Other roads whose names have a religious link are Castelnau and Boileau Roads whose names come from the protestant Huguenot Boileau family who fled to England in the 18th century to escape religious persecution in France. The family settled in Mortlake and lived on the banks of the Thames in a house they named Castelnau House after their home town of Castelnau-Valence near Nimes. In the 19th century the grandson of the original emigrants was responsible for the building of many of the fine houses in Castelnau and the stucco villas of Lonsdale Road.


On the profane side many streets have names related to beer and brewing. Malthouse passage and Maltings Close are named after the small business that prepared and housed malts for nearby brewers. Thorne Passage and Thorne Street are named after Benjamin Thorne who ran a small brewery next to what is now the Bull’s Head on Lonsdale Road.


Lyric Road and Ranelagh Avenue commemorate grand country clubs used by well-to- do Londoners in the 19th century. The Lyric Club was particularly racy and went bankrupt in spectacular style.


As a desirable country area on the outskirts of London, parts of Barnes in the 17th and 18th century were owned by aristocratic families including, most prominently, the Lowther family whose family seat is in Cumbria - which is how Ullswater and Cumberland Roads got their names.  Washington Road celebrates a member of the Lowther family, Sir Gerard Lowther (Gerard Road) who was ambassador to Washington. His posting in Constantinople also led to the naming of Galata Road.


Not surprisingly, if you are a scholar of Britain’s aristocratic past, you don’t have to look far to discover views and deeds that we find appalling from a 21st century perspective so Sir Gerard Lowther was known for distributing anti-Semitic texts and another local land-owner Nathaniel Spriggs (owner of the St Ann's estate after which St Ann's Road is named) made a fortune in the Jamaican slave trade.


So, wherever you live in Barnes your street may be named after a sinner or a saint.


Click here to see if your road is on the list.


Most wanted poster

Picture: LFB Twitter

Barnes Bridge has never looked more grand and imposing than it does in Adam Cockerton’s poster for this year’s Barnes Film Festival.  A limited edition of 50 posters signed by the artist has been produced for sale and they make perfect gifts for lovers of film, lovers of Barnes or indeed Barnes film lovers. The gorgeous poster costs just £30 and is available from online shop Etsy.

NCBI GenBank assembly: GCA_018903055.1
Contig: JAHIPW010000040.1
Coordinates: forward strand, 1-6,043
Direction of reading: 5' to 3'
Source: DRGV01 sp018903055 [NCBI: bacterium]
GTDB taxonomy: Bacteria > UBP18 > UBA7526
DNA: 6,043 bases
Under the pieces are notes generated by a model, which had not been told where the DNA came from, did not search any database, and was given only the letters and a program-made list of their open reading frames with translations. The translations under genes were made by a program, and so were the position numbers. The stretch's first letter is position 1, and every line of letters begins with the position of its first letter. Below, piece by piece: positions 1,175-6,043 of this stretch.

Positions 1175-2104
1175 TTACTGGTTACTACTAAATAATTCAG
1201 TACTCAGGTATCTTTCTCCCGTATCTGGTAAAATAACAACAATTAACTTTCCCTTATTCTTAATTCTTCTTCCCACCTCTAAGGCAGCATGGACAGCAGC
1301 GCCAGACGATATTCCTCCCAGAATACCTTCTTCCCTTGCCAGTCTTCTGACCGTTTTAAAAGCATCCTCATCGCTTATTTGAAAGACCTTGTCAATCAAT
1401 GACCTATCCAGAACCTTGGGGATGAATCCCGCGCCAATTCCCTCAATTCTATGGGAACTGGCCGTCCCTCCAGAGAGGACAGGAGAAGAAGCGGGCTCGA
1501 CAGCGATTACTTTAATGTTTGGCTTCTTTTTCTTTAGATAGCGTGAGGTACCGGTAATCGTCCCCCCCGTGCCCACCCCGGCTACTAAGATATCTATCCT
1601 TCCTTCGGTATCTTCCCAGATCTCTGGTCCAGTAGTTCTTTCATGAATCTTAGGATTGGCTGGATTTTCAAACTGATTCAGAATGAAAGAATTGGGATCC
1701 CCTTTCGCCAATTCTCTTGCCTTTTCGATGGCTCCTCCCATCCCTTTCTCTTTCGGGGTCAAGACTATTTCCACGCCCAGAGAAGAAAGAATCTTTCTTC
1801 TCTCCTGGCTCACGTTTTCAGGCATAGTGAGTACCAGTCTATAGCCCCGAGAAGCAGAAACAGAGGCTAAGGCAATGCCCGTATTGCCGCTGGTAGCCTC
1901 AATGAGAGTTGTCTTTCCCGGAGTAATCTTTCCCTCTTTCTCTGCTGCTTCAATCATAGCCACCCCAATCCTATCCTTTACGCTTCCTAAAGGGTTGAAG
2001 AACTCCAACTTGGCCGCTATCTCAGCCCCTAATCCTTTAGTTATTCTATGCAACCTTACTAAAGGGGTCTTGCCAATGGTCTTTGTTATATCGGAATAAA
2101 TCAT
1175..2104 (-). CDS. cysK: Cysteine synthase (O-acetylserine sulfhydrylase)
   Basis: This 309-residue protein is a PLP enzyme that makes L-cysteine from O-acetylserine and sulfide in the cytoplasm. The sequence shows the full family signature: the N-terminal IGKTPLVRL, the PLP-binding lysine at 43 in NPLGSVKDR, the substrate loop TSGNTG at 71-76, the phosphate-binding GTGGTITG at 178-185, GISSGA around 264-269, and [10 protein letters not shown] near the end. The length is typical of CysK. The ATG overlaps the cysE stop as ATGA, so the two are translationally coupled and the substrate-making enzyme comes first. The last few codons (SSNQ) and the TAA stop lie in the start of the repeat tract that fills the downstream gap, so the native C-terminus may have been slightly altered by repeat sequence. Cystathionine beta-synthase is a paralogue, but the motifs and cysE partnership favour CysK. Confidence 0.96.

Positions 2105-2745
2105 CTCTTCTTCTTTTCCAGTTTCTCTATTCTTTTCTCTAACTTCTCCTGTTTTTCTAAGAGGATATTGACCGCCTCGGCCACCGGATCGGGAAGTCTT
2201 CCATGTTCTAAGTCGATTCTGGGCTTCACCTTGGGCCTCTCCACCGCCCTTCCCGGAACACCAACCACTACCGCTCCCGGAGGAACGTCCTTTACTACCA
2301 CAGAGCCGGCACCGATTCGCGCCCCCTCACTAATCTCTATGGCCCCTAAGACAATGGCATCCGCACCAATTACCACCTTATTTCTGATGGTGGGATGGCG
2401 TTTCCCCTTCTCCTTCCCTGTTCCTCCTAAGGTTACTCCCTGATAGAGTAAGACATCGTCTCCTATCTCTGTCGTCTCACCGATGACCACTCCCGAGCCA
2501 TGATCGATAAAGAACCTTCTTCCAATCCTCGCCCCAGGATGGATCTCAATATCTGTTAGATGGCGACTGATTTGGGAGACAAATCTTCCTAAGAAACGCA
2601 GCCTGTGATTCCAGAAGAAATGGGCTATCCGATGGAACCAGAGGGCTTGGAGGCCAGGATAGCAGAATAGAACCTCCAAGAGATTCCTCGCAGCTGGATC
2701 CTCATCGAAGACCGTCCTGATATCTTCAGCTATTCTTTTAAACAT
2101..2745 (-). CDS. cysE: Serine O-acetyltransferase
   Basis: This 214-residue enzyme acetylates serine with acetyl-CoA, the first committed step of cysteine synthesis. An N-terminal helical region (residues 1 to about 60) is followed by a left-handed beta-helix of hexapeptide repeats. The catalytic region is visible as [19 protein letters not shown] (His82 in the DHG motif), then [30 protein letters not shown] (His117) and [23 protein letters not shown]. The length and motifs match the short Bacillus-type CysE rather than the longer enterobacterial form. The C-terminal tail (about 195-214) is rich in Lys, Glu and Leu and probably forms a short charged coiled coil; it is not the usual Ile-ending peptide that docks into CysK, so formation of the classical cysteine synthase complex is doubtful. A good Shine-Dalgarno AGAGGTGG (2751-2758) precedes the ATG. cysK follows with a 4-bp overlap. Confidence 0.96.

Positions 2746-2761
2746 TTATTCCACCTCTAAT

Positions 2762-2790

Shed gets go ahead

The prospect of Barnes men’s shed project getting off the ground has just got closer with the approval by Richmond Council’s planning committee for a building to be situated in the London Wetland Centre’s car park. The brilliant idea behind the Men’s Shed project is to provide a space for men to bond by taking part in practical carpentry and craft projects that help the local community. Those who join can also just use the facilities to work on their own projects but the ethos of the men’s shed movement is to be a community space that encourages bonding and friendship.


Philosphically speaking...

When Dr Barbara Underwood – student of philosophy and jazz singer – started the Barnes Philosophy club as a small project ten years ago, she had no idea that it would grow to have over 100 members, attract such distinguished and interesting speakers from the world of philosophy and become affiliated to the Royal Institute of Philosophy to boot.


In July this year, she and her husband and co-organiser Simeon, stepped down from their organising roles, but the club carries on, now under the stewardship of Nick Aldridge who studied philosophy at Cambridge and in his day job runs PayPal Giving.


Barbie’s achievements were celebrated with a 10th anniversary party last month and the party gave an opportunity to members to tell her what a difference she and Simeon have made to their lives.


Over the 10 years of talks friendships have been formed, new pathways of study found (one member went on to take an MA in philosophy) people’s prejudices confounded and minds opened to many different ways of seeing things.